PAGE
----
R

eference Department
of the B. Davis Schwartz Memorial Library
Long Island University/C.W. Post Campus



SOURCES IN U.S. HISTORY


Please inquire in the Reference Department

ENCYCLOPEDIAS AND DICTIONARIES

Boatner, Mark Mayo. The Civil War Dictionary. New York: David McKay Company, Inc., 1959. Ref. E 468 .B7.

Intended for serious students of the Civil War. Over half of the book is made up of brief biographical entries with the remainder consisting mostly of longer entries on military operations. Also has information on military organizations, weapons, tactics and strategy, military terms, naval matters and political issues.


Boatner, Mark Mayo. Encyclopedia of the American Revolution. New York: David McKay Company, Inc., 1974. Ref. E 208 .B68 1974.

Deals primarily with American history during the period 1763-1783 but also covers British, French and German participation in the war. Most of the articles are about people or battles. The size of the article depends on the importance of the topic. Maps and sketches are included.


Dictionary of American History: Revised Edition. New York: Charles Scribner's Sons, 1976 (8 volumes). Ref. E 174 .D52 1976.

This basic American history encyclopedia contains 7,200 entries covering science and technology, military history, political science, economics, the arts and general history. The size of the entries ranges form a paragraph to a few pages.


Encyclopedia of American Economic History: Studies of the Principal Movements and Ideas. Edited by Glenn Porter. New York: Charles Scribner's Sons, 1980 (3 volumes).
Ref. +HC 103 .E52.

Contains a collection of lengthy essays on "anumber of aspects of the collective American economic experience." Part I is a historiography and Part II is a chronology of American economic history. Part III covers a framework of American economic growth. Parts IV and V look at economic history from an institutional and social point of view, respectively.


Encyclopedia of American History. Edited by Richard Morris. New York: Harper and Row, 1976. Ref. E 174.5 .M847 1976.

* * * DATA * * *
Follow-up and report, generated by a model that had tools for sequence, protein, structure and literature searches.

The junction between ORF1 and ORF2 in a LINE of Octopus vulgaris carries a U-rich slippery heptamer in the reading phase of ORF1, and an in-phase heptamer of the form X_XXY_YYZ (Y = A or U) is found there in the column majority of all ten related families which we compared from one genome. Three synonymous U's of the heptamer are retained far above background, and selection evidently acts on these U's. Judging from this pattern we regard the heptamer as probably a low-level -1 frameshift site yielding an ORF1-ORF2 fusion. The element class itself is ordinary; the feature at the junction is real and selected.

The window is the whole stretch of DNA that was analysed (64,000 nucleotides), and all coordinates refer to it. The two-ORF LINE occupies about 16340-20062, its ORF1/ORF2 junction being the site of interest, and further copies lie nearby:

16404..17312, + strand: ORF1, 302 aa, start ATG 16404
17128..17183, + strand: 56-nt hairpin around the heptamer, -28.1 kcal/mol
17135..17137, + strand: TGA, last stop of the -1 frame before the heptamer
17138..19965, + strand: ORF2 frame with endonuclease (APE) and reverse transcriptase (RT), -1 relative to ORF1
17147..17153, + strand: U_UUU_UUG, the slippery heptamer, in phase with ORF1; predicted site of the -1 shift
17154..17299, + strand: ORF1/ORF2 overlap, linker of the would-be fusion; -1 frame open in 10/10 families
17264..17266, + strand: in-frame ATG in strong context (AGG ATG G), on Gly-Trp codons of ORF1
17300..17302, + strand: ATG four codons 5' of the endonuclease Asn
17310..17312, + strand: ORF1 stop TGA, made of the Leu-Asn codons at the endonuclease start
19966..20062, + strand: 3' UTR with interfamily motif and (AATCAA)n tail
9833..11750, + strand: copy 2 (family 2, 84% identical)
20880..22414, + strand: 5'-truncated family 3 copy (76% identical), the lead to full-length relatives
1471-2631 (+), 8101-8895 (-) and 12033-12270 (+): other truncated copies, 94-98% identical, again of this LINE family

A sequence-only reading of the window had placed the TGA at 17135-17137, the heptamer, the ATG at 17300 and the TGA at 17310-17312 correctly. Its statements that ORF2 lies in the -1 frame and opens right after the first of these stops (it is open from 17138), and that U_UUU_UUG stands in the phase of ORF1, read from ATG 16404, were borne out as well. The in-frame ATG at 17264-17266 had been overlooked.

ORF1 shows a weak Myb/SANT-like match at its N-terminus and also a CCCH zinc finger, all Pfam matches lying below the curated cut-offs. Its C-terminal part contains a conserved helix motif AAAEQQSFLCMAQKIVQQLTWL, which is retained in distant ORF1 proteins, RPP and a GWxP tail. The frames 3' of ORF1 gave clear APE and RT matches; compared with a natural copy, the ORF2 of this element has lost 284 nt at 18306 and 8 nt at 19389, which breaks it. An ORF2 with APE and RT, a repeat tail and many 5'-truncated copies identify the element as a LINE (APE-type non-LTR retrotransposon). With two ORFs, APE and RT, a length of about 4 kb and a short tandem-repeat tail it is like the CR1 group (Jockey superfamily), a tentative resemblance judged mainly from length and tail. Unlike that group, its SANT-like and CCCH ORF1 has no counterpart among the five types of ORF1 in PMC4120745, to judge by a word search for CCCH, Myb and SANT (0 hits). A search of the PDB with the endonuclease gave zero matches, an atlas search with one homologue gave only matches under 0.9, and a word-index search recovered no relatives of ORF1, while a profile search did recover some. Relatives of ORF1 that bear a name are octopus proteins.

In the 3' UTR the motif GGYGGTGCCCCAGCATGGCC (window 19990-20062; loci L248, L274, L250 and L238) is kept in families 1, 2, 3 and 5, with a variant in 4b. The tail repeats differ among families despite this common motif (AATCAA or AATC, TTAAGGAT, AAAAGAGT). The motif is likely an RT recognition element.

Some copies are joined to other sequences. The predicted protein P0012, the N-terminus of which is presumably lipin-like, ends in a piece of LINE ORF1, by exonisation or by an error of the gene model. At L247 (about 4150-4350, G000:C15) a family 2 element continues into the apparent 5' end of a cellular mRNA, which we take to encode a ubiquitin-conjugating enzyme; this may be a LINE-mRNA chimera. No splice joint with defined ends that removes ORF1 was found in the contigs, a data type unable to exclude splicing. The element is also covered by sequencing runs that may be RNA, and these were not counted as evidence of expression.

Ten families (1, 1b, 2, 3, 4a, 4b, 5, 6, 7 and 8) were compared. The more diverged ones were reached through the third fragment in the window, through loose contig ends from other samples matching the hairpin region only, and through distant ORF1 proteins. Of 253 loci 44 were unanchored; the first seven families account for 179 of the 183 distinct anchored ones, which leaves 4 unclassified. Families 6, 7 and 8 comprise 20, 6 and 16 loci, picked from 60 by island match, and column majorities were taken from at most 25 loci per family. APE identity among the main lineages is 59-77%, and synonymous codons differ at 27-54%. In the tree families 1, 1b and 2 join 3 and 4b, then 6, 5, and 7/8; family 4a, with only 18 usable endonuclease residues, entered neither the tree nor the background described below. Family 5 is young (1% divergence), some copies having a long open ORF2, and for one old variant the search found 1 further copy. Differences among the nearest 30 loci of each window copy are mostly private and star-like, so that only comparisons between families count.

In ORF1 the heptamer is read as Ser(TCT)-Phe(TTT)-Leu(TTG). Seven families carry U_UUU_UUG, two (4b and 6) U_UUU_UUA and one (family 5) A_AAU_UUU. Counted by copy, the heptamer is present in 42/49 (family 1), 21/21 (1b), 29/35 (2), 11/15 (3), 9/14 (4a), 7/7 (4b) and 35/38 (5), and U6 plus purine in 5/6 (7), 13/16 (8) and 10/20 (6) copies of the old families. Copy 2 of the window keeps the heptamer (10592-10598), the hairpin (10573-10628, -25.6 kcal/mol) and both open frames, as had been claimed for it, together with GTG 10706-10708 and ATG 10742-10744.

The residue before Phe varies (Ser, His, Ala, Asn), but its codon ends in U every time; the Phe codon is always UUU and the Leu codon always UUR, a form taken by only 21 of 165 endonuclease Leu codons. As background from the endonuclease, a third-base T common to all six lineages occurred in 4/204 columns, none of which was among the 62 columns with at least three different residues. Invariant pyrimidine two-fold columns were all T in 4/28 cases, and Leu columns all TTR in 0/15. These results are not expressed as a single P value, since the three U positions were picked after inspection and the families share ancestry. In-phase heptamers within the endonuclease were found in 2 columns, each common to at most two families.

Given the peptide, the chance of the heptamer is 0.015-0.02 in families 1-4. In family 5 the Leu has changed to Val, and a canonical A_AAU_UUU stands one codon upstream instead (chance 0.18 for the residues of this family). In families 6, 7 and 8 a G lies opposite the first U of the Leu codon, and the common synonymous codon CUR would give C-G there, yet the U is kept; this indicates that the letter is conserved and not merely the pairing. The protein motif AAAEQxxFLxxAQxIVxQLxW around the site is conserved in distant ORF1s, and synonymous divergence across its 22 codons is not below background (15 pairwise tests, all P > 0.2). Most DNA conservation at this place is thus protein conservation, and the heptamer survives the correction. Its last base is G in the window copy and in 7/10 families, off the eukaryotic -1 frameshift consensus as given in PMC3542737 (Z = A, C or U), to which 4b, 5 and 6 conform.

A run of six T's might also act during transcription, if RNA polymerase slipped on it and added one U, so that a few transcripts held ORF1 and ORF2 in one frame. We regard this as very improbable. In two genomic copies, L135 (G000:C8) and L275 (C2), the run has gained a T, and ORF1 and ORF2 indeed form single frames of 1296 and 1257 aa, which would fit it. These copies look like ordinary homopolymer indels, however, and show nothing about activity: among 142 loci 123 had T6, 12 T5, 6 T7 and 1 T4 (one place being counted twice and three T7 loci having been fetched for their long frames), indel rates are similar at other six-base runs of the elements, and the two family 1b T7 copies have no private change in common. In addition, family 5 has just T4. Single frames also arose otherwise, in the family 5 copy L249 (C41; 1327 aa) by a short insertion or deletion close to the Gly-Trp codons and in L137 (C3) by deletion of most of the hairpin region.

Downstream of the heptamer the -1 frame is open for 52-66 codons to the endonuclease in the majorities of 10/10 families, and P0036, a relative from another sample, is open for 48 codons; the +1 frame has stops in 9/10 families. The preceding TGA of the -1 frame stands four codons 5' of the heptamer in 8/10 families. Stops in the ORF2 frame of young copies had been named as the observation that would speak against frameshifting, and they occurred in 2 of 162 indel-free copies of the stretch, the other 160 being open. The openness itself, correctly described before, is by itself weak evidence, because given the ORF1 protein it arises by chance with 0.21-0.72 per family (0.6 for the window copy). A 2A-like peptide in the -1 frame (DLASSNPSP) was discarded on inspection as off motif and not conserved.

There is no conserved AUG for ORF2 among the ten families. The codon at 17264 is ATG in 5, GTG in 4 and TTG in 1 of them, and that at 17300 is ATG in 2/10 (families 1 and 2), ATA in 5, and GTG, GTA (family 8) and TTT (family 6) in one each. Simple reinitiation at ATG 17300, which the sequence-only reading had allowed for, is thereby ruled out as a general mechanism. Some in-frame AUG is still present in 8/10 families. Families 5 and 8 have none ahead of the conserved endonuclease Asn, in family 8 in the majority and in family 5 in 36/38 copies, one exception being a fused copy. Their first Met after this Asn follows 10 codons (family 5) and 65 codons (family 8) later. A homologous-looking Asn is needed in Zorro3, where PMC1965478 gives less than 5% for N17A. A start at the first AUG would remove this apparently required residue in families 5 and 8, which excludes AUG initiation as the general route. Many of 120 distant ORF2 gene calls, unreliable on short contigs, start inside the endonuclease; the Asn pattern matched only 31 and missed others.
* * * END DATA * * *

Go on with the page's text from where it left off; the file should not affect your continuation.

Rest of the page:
Facts are organized both chronologically and topically. The aim is to provide "essential facts about American life and institutions." Part I, organized chronologically, presents the major political and military events in the history of the U.S. Part II, organized topically, covers non-political aspects of American life. Part III, organized topically, has short biographical sketches of 500 notable americans.


Encyclopedia of American Political History: Studies of the Principal Movements and Ideas. Edited by Jack Greene. New York: Charles Scribner's Sons. 1984 (3 volumes).
Ref. +E 183 .E5 1984.

The 90 articles cover events, documents, issues, themes, institutions, processes and developments in U.S. political history from before independence to the present. The articles are lengthy and meant to provide fairly detailed accounts of each subject.


The Encyclopedia of Southern History. Edited by David C. Roller and Robert W. Twyman. Baton Rouge, LA: Louisiana State University Press. 1979. Ref. F 207.7 .E52.

The goal of this encyclopedia is to answer the most frequently asked questions about Southern history. It defines the South as the District of Columbia and those states that accepted the practice of slavery in 1860. Includes articles on such subjects as people, state and regional associations, culture, and economics. Also includes large articles on each of the 16 southern states.


Findling, John E. Dictionary of American Diplomatic History. Westport, CT: Greenwood Press. 1980. Ref. E 183.7 .F5.

"Provides basic factual information about more than 500 persons associated with U.S. foreign policy from the Revolution through 1978 as well as descriptions or definitions of more than 500 non-biographical items connected with American diplomacy, ranging from crises to catchwords."


Historical Dictionary of the New Deal. Edited by James S. Olson. Westport, CT: Greenwood Press. 1985. Ref. E 806 .H58 1985.

Major focus is on domestic policy between 1933 and 1940. "Provides brief descriptive essays on most of the people, agencies and legislation important to the New Deal."


Johnson, Thomas H. The Oxford Companion to American History. New York: Oxford University Press. 1966. Ref. E 174 .J6.

"Attempts to serve as a one-volume reference book on american history. Includes summaries of lives, events and places significant in the founding and growth of the nation." Covers all fields from the arts and education to politics and science.


TIMETABLES

The Encyclopedia of American Facts and Dates (Sixth Edition). Edited by Gorton Carruth. New York: Thomas Y. Crowell Co., 1972. Ref. E 174.5 .C3 1972.

Includes "a vast number of the most interesting events from America's past" arranged both in chronological order and at the same time in concurrent order. Provides "a complete, cross-referenced index for instant and easy consulting." Covers from 986 to 1971.